How to Successfully Resolve Conflicts in Your Company (2 of 2)
In the first part of this two-piece article, we looked at the characteristics, objectives, and basic rules of mediation. In this second part, you will learn what each stage of this process looks like.
Before we jump into it, though, let’s get something out of the way first: The six stages described below are a recommendation of how to split up the mediation process – but they are not the one and only solution. If you’ve seen other ways of how to do mediation, that’s fine. What’s important is the function each stage serves to advance the resolution of the conflict – how this function is implemented can be adapted to suit the specific needs of each case.
Stage 1: Process setup and initiation
This first step includes all that is needed to be taken care of before everyone meets for the first time:
- Identify the problem:
Of course, many disputes are not hard to spot – but there are also conflicts in which both parties put on a good face and where you have to look for more subtle signs to realize there’s a problem, for instance when you notice that two teams don’t seem to cooperate very well.
- Have everyone commit:
It is crucial for a constructive cooperation that everyone involved wants to contribute to a resolution in the first place. Often, this can be serious hurdle to overcome because people tend to be hesitant when it comes to confronting their disputes with an open mind. It’s an important prerequisite for the entire process, though.
- Set up the framework:
This means organising rooms, scheduling sessions, inviting participants, preparing necessary material, planning the details of the remaining stages etc.
Stage 2: Kick-off meeting(s)
Once you have taken all preparatory steps, it’s time for the conflicting parties to meet for the first time in the context of the mediation project. As mediator you are also the moderator of each meeting.
In the first part of this initial session, you tell the participants about the goals of the mediation, the details of the process, your responsibilities and limitations as a mediator, and the ground rules everyone should agree on for the duration of the mediation.
In the second part, both parties have the opportunity to tell their side of the story, in their own words and in their own time.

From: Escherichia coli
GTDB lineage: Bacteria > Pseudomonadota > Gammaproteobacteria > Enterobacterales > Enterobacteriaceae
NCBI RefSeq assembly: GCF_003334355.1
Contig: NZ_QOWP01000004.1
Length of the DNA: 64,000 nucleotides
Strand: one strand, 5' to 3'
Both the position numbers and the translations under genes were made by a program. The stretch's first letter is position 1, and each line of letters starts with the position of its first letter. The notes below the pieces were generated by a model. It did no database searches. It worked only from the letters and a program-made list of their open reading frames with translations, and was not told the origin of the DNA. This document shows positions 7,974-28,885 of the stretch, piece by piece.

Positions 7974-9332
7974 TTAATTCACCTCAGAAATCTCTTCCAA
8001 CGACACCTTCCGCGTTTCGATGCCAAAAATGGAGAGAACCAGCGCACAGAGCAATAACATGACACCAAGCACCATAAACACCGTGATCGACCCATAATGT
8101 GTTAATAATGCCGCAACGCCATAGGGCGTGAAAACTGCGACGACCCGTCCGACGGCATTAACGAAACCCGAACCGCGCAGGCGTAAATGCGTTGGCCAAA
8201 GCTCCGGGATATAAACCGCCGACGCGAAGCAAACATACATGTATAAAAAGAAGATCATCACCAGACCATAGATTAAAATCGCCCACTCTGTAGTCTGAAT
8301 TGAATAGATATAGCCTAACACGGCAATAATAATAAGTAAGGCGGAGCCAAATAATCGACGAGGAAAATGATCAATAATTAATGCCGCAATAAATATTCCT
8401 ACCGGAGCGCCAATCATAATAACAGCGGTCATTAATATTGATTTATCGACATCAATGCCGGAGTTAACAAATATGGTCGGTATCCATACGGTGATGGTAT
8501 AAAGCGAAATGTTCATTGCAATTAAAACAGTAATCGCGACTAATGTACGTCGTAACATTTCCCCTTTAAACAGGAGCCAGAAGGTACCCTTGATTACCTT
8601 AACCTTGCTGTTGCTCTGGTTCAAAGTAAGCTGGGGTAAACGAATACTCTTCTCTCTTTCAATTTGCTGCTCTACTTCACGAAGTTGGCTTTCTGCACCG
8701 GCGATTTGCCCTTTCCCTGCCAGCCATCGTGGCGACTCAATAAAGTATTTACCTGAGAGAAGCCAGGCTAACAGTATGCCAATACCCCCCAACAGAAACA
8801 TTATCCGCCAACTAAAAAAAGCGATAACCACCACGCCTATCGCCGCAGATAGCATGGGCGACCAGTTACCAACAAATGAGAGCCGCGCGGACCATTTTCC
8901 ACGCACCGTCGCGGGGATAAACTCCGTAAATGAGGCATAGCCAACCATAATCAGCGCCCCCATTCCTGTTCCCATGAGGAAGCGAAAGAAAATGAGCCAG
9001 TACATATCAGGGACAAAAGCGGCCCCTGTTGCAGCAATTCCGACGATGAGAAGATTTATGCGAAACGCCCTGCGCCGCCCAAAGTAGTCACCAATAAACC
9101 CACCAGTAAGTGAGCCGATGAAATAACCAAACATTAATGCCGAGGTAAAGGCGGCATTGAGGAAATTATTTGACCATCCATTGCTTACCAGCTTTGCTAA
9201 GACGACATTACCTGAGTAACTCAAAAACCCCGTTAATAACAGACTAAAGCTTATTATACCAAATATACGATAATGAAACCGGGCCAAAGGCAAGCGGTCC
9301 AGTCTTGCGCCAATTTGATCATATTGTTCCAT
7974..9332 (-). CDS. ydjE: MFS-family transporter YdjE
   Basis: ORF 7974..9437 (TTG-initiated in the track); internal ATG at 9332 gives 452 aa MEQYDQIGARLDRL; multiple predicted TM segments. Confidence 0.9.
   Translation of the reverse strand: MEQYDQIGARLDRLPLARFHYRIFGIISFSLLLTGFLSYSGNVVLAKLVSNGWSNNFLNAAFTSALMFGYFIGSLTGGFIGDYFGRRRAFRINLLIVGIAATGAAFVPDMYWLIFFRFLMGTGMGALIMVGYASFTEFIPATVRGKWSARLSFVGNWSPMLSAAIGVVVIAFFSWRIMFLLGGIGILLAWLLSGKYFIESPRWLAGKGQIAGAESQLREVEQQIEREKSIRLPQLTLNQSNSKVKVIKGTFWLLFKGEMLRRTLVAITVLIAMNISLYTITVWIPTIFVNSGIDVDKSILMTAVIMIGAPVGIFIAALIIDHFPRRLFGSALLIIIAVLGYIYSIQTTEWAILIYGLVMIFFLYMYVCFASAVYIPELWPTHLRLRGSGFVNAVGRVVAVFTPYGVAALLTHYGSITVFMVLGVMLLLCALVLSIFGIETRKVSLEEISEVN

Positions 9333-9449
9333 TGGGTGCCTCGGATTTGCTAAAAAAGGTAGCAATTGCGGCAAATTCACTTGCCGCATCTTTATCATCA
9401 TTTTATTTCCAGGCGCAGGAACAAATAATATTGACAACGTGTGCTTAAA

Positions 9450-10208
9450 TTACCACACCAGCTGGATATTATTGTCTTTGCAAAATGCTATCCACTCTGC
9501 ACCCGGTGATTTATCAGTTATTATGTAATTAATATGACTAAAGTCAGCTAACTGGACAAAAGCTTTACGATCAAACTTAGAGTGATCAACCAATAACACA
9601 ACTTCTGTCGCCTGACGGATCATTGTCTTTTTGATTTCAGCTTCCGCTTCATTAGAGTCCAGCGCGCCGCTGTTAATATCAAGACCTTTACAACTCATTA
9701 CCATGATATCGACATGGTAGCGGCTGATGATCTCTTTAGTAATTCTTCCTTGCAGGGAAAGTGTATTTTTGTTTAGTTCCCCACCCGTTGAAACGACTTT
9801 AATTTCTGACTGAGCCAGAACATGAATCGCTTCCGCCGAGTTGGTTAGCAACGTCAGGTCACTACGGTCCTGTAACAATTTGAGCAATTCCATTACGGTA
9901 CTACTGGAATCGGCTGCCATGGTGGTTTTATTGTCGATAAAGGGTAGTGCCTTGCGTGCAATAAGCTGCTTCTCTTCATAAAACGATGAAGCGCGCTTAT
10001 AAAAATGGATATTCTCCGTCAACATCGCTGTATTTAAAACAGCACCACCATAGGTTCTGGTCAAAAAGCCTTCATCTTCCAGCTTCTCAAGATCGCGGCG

Stage 3: Insights and transformation
This is the most important stage because its goal is to understand the core of the conflict and its underlying motives for each of the parties.
It can take place with one person at a time or together or both. As a mediator, you help people uncover the needs and interests they felt were violated or disregarded. Once they have made the transformation from concentrating on the conflict and on why the other side is wrong to understanding what they need and wish for, you have the basis for a mutual solution.
Stage 4: The agreement
Now that everyone knows what they want, it’s time to find a solution that considers those wishes and needs. As a mediator, you encourage both parties to be creative and flexible – and willing to make concessions.
But remember: It’s not your job to come up with solutions or compromises, this is something the conflicting parties have to do on their own.
Stage 5: Final meeting
In the last official mediation session, you present the agreement the parties have come up with and ask everyone to affirm that they accept it and are committed to implementing it. Then you tell people about their individual responsibilities regarding the execution plan and thank everyone for their constructive contributions.
Stage 6: Review sessions
This is strictly speaking not part of the mediation process – but it often helps with ensuring a long-term success of the conflict resolution: Invite participants to a number of review sessions where they can talk about how the mutual agreement has worked out so far and if there are specific challenges or other things worth discussing.
Those meetings are also a good tool to enforce everyone’s commitment to make the agreement work.
As you can see, mediation isn’t rocket science and there is no magic involved. Instead, it is a chain of carefully planned steps, each of which helps conflicting parties to move a little bit closer to finding a mutual agreement.
It has been proven to work successfully and there is a good chance it will help you too with solving those toxic conflicts that keep damaging your company’s working environment.
This article is based on the following eBook:
Intercultural mediation at work
These articles might also be interesting for you:
- How Business Benefits by Eliminating Organisational Conflicts
- Avoiding Conflicts with Employees: “Foresight is Better Than Hindsight”
- 4 Skills Your Employees Really Want to Learn… But are Afraid to Tell You About
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